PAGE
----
7th Sunday of Easter

June 4, 2000
See Also: 
Reading 2: 
Psalm 1
Reading 3: 
Acts 1:15-17, 21-26 or 1 John 5:9-13
Reading 4: 
John 17:6-19
By Patricia Farmer

Transitions are part of life. June 4 happens to be my birthday, number 44, which marks my transition into mid-life (and mid-life crisis!). June 4 also marks the auspicious day that haunts our Chinese friends as they remember the tragic oppression of democratic expression in Tiananmen Square. Transitions, whether personal or social, can leave behind a trail of tears or memories of joy and bittersweet loves. These lectionary passages focus on the idea of transition and preparation for Pentecost. It is good time to remind our listeners that change is part of life, and as process thinkers we see change as part of God as well. In the process world, life is in constant transition! Change can be good, sometimes very painful, and always full of possibility.

At first glance, I can't imagine preaching on this text because it seems so terribly uninteresting to me on the surface. Organizational changes: Judas is out (way out) and Matthias is in. But as a process theologian, I must rethink this reorganization of the Twelve in ways that can help me through my mid-life crises birthday. The people in the pews who are like me could care less about Luke's view of the "divine necessity" of the fulfillment of Scripture because they are dealing with heartbreaks, grief, crisis in faith, so let's explore what this passage might mean for those of us in transition.

The twelve were, indeed, important because they were the witnesses of the faith and guarantors of the apostolic tradition. Tradition in the face of change is important. If you saw the movie, Keeping the Faith you saw both Jewish and Catholic traditions in a delightful tension between tradition and change. The young rabbi was constantly in trouble over his progressive and "new age" approach to tradition, not to mention his romantic involvement with a Gentile, yet by the end of the movie, the congregation embraced his insistence on tradition mixed with transformation and novel possibilities that even included a Catholic Gospel Choir in the temple! As our Christian faith continues to be creatively transformed, we need to remind ourselves that rootedness in the traditions of our faith is an important element during times of change, not to be discarded, but to be transformed. The twelve represented that traditional foundation, that rootedness, that would bring forth a new era of change and novelty that they couldn't even imagine. Rootedness is important as this passage shows, but only when it is open to the possibilities of change and transformation which is exactly what was about to happen in the life of the church. As John Cobb states, "The past is more resource for new and creative response to opportunities and challenges than patterned to be reiterated or preserved." ("Trajectories and Historic Routes," p. 95 in Semeia 24, 1982)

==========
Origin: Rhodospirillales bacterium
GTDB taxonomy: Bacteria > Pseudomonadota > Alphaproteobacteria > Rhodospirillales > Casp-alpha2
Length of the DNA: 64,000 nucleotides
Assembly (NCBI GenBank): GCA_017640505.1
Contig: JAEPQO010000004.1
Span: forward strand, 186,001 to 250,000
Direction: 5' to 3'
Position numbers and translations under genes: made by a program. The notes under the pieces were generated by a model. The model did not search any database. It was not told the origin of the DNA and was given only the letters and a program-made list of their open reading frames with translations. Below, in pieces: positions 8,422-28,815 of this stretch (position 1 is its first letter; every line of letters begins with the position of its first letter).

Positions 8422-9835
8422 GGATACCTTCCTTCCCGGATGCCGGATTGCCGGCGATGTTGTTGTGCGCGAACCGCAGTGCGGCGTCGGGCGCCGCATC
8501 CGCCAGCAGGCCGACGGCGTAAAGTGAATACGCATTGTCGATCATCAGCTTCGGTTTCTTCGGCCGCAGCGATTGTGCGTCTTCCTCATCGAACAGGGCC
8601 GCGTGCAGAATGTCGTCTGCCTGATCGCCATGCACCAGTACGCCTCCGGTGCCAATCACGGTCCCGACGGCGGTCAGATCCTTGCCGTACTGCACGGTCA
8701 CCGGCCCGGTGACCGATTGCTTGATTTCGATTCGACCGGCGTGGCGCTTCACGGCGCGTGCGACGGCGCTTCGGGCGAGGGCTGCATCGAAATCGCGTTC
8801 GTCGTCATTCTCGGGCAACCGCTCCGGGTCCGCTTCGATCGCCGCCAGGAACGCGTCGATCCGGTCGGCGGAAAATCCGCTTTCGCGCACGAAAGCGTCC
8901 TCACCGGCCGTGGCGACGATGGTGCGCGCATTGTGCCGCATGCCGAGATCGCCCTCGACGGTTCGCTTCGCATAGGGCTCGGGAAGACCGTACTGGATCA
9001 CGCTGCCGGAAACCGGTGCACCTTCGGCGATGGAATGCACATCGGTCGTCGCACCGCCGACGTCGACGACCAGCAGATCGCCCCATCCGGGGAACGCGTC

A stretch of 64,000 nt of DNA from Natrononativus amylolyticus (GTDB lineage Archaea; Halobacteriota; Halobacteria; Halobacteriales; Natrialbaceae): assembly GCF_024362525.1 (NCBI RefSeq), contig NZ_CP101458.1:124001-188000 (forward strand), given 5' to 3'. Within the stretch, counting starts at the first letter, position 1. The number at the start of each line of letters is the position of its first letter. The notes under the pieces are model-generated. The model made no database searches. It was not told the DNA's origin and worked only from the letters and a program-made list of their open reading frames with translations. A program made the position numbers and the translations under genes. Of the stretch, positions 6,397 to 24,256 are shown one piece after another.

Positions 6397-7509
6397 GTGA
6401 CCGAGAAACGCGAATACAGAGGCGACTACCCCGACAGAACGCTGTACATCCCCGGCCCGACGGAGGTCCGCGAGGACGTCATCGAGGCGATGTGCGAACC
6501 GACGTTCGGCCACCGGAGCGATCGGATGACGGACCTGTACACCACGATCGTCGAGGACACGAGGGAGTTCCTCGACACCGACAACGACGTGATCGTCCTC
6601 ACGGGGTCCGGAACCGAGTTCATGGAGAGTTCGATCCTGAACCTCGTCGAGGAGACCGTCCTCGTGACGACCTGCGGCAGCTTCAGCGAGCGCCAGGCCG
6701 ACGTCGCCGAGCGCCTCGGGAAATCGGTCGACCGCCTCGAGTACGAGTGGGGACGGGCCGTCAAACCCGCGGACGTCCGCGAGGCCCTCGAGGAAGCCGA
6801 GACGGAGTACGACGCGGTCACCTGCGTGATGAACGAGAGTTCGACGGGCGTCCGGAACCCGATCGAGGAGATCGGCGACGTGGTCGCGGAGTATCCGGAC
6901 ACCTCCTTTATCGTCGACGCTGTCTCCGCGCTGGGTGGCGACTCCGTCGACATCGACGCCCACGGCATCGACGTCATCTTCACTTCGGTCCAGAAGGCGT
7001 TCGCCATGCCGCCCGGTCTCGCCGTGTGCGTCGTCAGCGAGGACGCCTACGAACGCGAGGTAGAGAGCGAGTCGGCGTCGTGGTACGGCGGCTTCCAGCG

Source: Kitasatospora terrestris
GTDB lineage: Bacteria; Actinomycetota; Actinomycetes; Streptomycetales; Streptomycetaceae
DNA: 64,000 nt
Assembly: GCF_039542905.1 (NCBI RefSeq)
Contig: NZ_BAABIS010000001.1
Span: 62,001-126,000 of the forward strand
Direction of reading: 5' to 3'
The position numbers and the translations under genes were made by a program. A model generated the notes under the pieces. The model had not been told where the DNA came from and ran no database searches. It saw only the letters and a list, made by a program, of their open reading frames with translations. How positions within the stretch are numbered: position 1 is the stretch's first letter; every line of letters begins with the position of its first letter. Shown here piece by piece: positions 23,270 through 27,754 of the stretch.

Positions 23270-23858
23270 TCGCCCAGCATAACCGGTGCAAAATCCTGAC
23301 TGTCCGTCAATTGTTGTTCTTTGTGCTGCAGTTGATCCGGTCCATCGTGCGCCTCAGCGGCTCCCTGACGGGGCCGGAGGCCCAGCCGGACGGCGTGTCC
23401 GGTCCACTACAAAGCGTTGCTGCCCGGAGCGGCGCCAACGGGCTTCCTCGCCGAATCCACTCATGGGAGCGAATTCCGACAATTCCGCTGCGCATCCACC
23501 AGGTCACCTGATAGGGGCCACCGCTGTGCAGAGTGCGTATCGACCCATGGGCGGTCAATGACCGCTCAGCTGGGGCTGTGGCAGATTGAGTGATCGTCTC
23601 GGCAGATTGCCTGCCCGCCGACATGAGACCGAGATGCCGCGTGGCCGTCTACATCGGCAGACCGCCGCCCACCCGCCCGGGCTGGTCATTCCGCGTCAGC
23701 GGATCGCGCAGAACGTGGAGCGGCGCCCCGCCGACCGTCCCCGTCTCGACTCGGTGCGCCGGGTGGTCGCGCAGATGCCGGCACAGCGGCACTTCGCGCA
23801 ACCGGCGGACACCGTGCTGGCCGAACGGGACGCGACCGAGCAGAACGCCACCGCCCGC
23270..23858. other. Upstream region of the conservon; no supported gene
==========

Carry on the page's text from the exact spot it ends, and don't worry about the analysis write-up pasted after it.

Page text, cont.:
After recently viewing Steven Spielberg's award winning documentary on the Holocaust, The Last Days, I am reminded that evil is very real. My "New Age" friends who discount all evil in favor of the cliché, "God has a reason for everything," have to be silent when watching pictures of the Holocaust. Evil is real, and it not part of God's plan. If I thought it were part of some mysterious plan, I would choose to be on the side of that revered existentialist, Camus, who said, "If there is a God, then he must be the devil." But being a process theologian, my view is quite different. When reading Psalm 1 I am reminded that God is not the source of wickedness and that evil will be pushed to the outskirts of God's eternal realm, like chaff dried up and blown away.

I John
The fundamentalists will rally around this text, especially verse 12, "Whoever has the Son has life; whoever does not have the Son of God does not have life." This sounds too much like "Jesus is the only way." But, as process thinkers, we know that such intolerance toward other faiths is the foundation of prejudice, inhumanity, and war. Perhaps if we see the "Son of God" not simply as the man Jesus, but as the Logos of God, God incarnate in the world, then we could avoid such troubling outcomes. Jesus would be the first one to say that he came not to be worshipped for himself, but to point beyond himself to God, his abba/(imma). Jesus was a picture of God. He was compassion incarnate, love incarnate, hospitality incarnate. These qualities make up the Son of God and make inclusiveness rather than exclusiveness divine; so it is true, without these things, without this vision of God in the world, we are lost.

Talk about transition! Here is the ultimate transition in Scripture, the prayer of Jesus in preparation for his death. Prayer is what we do or need to do when we enter into the transitions of life and particularly as we prepare for death. This "High Priestly Prayer" is part of his farewell discourse before he begins his passion. But unlike the content of the Gethsemane prayers in the Synoptic Gospels, the prayer of John's Jesus is wholly on behalf of the disciples. This is the most beautiful intercessory prayer recorded in Scripture. For a study in the process understanding of intercessory prayer, Marjorie Suchocki's readable and insightful book, In God's Presence (Chalice Press), is suggested. Suchocki says, "Since God works with the world as it is in order to bring it to what it can be, intercessory praying changes what that world is relative to that one for whom we pray, and that change is for the good. It therefore adds to what God can then offer that one, releasing more of the divine resources toward the good that God can then use." (p.46).